Ohio Insurance Salesman Convicted of Failure to File Income Tax Returns and Failure to Pay Taxes
Failed to File Timely Tax Returns for More than Two Decades
An insurance salesman and former resident of Parma, Ohio was convicted today following a five-day jury trial of fifteen counts of willful failure to pay income taxes and five counts of willful failure to file income tax returns, announced Principal Deputy Assistant Attorney General Caroline D. Ciraolo, head of the Justice Department’s Tax Division; U.S. Attorney Carole S. Rendon for the Northern District of Ohio; and Acting Special Agent in Charge Troy N. Stemen for the Internal Revenue Service (IRS) Criminal Investigation, Cincinnati Field Office.
According to the evidence presented at trial, John Christopher Raschella, 57, currently a resident of Estero, Florida, failed to pay more than $1 million in income taxes, interest and penalties that he owed to the IRS for 1995, 1996, and 1998 through 2012. During those years, Raschella sold insurance, and earned additional income working for other insurance salesmen.
Between 1989 and 2012, Raschella failed to timely file income tax returns to report his income to the IRS. For several years, Raschella filed delinquent income tax returns on which he reported that he owed taxes, but failed to make the required payments. For other years, the IRS assessed Raschella’s taxes and sent him letters notifying him of the amount owed, but Raschella still failed to pay. The government’s evidence also demonstrated that between 2010 and 2012, Raschella filed numerous false tax returns on which he, among other falsities, underreported his income and claimed deductions for alimony that he had not paid.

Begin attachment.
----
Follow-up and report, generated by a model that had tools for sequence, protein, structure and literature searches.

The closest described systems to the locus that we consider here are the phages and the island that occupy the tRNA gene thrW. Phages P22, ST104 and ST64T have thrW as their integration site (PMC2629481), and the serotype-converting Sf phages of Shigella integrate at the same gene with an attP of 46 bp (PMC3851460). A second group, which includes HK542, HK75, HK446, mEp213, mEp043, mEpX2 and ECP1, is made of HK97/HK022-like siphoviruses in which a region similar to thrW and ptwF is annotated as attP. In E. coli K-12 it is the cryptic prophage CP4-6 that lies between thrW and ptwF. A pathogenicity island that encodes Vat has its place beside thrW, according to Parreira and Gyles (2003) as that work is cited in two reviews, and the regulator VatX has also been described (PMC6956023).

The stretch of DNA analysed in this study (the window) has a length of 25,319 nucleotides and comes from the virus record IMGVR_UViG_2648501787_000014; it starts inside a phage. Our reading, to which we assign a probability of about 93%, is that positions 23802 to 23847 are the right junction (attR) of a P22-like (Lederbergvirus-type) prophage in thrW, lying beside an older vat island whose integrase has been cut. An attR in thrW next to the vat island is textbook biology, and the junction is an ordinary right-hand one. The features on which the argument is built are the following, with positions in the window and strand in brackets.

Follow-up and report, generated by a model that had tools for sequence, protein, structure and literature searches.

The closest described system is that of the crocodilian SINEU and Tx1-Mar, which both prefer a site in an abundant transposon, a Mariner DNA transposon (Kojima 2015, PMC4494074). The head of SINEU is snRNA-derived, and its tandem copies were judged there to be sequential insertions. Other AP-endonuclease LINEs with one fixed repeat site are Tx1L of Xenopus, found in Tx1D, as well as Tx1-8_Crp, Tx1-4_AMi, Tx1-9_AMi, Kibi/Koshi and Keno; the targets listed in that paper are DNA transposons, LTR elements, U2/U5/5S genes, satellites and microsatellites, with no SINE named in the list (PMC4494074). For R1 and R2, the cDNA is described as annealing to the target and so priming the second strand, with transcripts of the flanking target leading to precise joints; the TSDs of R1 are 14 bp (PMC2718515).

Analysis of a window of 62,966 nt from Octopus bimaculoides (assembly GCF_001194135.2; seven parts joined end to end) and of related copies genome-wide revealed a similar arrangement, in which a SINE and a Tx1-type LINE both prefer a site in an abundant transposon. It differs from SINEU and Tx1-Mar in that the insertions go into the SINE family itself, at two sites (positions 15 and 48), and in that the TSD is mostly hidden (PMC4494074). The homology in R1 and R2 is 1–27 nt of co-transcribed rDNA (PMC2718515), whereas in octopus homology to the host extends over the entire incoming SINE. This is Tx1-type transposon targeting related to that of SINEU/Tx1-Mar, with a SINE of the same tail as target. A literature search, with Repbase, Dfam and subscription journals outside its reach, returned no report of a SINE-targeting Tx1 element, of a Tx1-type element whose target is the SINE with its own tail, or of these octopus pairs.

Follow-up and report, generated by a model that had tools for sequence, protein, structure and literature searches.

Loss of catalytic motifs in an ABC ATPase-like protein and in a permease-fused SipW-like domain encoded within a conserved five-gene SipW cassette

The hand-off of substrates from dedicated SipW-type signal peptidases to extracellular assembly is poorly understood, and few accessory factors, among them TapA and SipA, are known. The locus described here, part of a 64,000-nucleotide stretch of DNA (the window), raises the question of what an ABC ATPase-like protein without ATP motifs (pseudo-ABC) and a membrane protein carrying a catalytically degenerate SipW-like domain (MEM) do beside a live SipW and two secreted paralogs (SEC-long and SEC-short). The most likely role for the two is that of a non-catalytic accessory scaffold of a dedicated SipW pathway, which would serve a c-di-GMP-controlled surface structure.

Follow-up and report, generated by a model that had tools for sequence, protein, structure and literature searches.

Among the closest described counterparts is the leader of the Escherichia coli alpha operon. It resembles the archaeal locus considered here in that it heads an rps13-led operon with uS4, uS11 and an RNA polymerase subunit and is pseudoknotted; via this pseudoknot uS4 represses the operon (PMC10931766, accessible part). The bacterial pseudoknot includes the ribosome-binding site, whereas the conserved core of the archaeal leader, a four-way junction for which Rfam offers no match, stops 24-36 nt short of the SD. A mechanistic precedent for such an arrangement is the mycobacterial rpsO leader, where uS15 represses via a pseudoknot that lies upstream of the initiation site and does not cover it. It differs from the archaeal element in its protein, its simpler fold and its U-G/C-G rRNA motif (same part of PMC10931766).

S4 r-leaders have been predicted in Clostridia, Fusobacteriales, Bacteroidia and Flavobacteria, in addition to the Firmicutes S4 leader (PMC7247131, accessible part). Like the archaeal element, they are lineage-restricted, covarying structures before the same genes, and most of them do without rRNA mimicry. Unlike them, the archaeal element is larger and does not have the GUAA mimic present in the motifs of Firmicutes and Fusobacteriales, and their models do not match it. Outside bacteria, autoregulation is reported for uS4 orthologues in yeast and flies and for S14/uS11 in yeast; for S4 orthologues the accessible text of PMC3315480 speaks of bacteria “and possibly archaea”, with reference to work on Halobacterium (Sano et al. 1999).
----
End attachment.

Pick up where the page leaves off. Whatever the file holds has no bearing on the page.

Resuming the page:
The evidence at trial established that Raschella used a series of nominee entities and individuals to prevent the IRS from collecting his unpaid taxes through liens on his assets and levies on his income or bank accounts. In 2001, Raschella attempted to assign his insurance commissions to American Financial, a company operated by Joseph Flickinger. Flickinger was sentenced to prison after pleading guilty for his role in promoting a tax fraud scheme. Raschella also paid Flickinger to prepare a false tax return for Raschella for the year 2000.